But, if so, does that mean that the Night's King also has visions of what's to come and this whole process was something of a trap so that he could acquire a dragon? (Ladies and gentlemen, Sindragosa has joined the game. /Warcraft nerd moment.) If that's where Martin's elaboration led him, I'd say that that's not what you'd hope to develop out of the base idea of the threat to all existence. It seems that the whole battle sequence was the shortiest shortcut of them all because, once again, the only way to convince Cersei Lannister to help out is to show her the walking dead. Yeah. That still doesn't sound good, which makes this whole detour of a storyline almost as bad as Dorne.
The overall theme of the episode is still carried over into the other major setting: Winterfell, where Arya and Sansa are carrying their childhood rivalry forward. The first "enemy" you have as a kid is almost always another sibling and those attitudes are difficult to shape, even with age and presumed wisdom. Similarly, there's little doubt that Littlefinger was the first enemy in the political scenario, since he poisoned both Jon Arryn's body and Lysa Arryn's mind, and there's also little doubt that he'll be around to see the end of whatever the situation settles into. But at some point we also run into the problem that petty squabbling between sisters has about as much importance in the face of the Others as any of the real fights between the great houses. It also strikes me as yet another too convenient moment. Sansa has spent this whole season warning us and everyone she can reach about how Littlefinger is not to be trusted and yet when she feels threatened by Arya, the first person she runs to for advice is... Littlefinger? We've spent the whole season watching Sansa take control of her part in the game and now see her revert to the scared child? I mean, yes, "fear makes people do unfortunate things" and this certainly could be part of the long con that Arya's running to expose Lord Baelish but, in the end, it's also just more noise because Omar the Ice Zombie comin', yo.
So, when you get down to writing that epic story, allow yourself the room to do two things: First, let characters, events, plot points, and storylines change of their own free will. Don't fight them. Let the story go where it's going to go and you'll usually be delighted with the stuff you didn't think of when you first mapped it out. Second, don't wait so long to end it that it feels like you have to cut it off before the publishers can't bind it and everyone feels cheated because the payoff didn't match the build up. We're not quite there yet (another season to go...), but things are getting rocky.
I was surprised to realize that Alan Taylor actually hadn't directed an episode since the end of season 2. Crazy. He directed Baelor, where Ned has the weight taken off his shoulders and where Drogo takes his last ride, so he's into the whole "major death" thing. I don't think Viserion being killed is quite at the same level, but it will definitely have an impact on the fanbase when the draconic contingent is reduced by a third (or switching sides, really. Many fine people on all sides, you know.)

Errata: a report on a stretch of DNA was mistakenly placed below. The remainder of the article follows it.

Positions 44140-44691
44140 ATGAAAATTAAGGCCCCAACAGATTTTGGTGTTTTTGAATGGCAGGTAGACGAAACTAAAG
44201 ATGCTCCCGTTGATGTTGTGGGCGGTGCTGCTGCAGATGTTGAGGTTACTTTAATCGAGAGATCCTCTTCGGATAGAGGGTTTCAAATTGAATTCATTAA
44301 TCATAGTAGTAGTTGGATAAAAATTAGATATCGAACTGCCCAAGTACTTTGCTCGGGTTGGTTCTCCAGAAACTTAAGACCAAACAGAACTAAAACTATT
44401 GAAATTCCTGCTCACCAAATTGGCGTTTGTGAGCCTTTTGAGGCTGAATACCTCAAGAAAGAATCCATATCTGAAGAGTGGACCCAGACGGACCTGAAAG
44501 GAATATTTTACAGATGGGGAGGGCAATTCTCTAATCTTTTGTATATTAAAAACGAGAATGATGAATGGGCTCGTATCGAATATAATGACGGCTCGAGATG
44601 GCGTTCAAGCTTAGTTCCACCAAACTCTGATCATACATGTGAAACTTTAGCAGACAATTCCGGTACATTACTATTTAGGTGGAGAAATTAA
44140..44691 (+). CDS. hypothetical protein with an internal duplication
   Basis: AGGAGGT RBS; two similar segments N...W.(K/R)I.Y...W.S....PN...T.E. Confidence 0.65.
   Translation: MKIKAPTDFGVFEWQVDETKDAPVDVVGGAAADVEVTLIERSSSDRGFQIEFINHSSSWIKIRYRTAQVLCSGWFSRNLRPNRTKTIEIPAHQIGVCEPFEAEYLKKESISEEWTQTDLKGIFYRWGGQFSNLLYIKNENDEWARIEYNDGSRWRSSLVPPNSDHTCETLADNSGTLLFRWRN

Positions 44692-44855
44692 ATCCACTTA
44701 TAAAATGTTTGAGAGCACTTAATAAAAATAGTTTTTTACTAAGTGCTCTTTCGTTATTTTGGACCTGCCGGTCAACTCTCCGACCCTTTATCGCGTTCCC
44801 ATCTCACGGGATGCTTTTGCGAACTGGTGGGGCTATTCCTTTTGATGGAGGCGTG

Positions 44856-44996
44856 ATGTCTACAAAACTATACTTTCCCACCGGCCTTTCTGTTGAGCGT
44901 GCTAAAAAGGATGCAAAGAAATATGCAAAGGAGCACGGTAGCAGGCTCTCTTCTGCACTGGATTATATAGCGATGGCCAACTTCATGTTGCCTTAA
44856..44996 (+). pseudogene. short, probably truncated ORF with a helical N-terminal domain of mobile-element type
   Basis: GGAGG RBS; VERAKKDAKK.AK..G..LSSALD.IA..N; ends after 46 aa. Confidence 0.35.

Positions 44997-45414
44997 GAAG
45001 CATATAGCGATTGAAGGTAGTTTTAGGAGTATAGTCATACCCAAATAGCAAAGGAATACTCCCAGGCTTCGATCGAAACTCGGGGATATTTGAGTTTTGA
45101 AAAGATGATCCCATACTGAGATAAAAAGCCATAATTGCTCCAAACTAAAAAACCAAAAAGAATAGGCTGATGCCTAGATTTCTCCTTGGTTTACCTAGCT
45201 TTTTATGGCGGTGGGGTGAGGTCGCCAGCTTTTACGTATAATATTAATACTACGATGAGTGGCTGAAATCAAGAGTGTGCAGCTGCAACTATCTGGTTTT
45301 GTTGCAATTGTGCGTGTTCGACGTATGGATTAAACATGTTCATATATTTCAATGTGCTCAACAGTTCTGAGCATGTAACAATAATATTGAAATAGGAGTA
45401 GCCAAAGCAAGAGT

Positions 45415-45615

RIP, Thoros. Paul Kaye made him one of the more entertaining minor characters.
In sharp contrast to the now years-old trend of "chaotic combat", I have to say that Taylor did well in keeping the pace of the island fight taut, but still allowing us to see exactly who was engaged with the undead at any given moment. The diversity of weapons helped in that respect, too (switching from Longclaw to the hammer to Dondarrion's flaming sword to Tormund's halberd to Jorah's two-fisted approach) but we had clear shots of each warrior doing their thing and it still felt like the pace and the associated mood was frantic, as it should have been.
The encounter with the scouting party gave mixed feelings. On the one hand, it was our first encounter with an Other that wasn't a hugely dramatic moments with cellos playing furiously. This was just a guy leading a bunch of wights and he got ambushed. On the other hand, why was one of the Others leading such a small band that could be ambushed and why bother to have an Other with a scouting party, anyway, if all of them are capable of screaming so loudly that the entire army can hear them from miles away. Despite perhaps learning that wights crumble when their raising master dies, we know that they don't need said master around to be mobile, as the ones at Castle Black in season 1 demonstrated. What added to the clumsy nature of that whole scene was that, when the Other was hacked down, all of the wights except one happened to dissipate. How many did the adventurers need to capture? One! Yay? Like I said, Benjen can perhaps be explained by the lack of a scene with Bran, but the whole ambush sequence left me frowning.
One minor note: They see the undead bear coming through the storm. I won't ask how they knew it was a bear, since at least Tormund was a native and had probably seen this before. But at one point he mentions that bears don't have blue eyes. How the hell could he have seen the thing's eyes through blizzard conditions? I mean, my vision ain't what it used to be, but come on.
On that note, the visual effects that made up said flaming, undead bear were really impressive. Even if the Hound wasn't traumatized by fire, you could forgive almost anyone for just stopping to stare at the (literally) roaring conflagration with claws.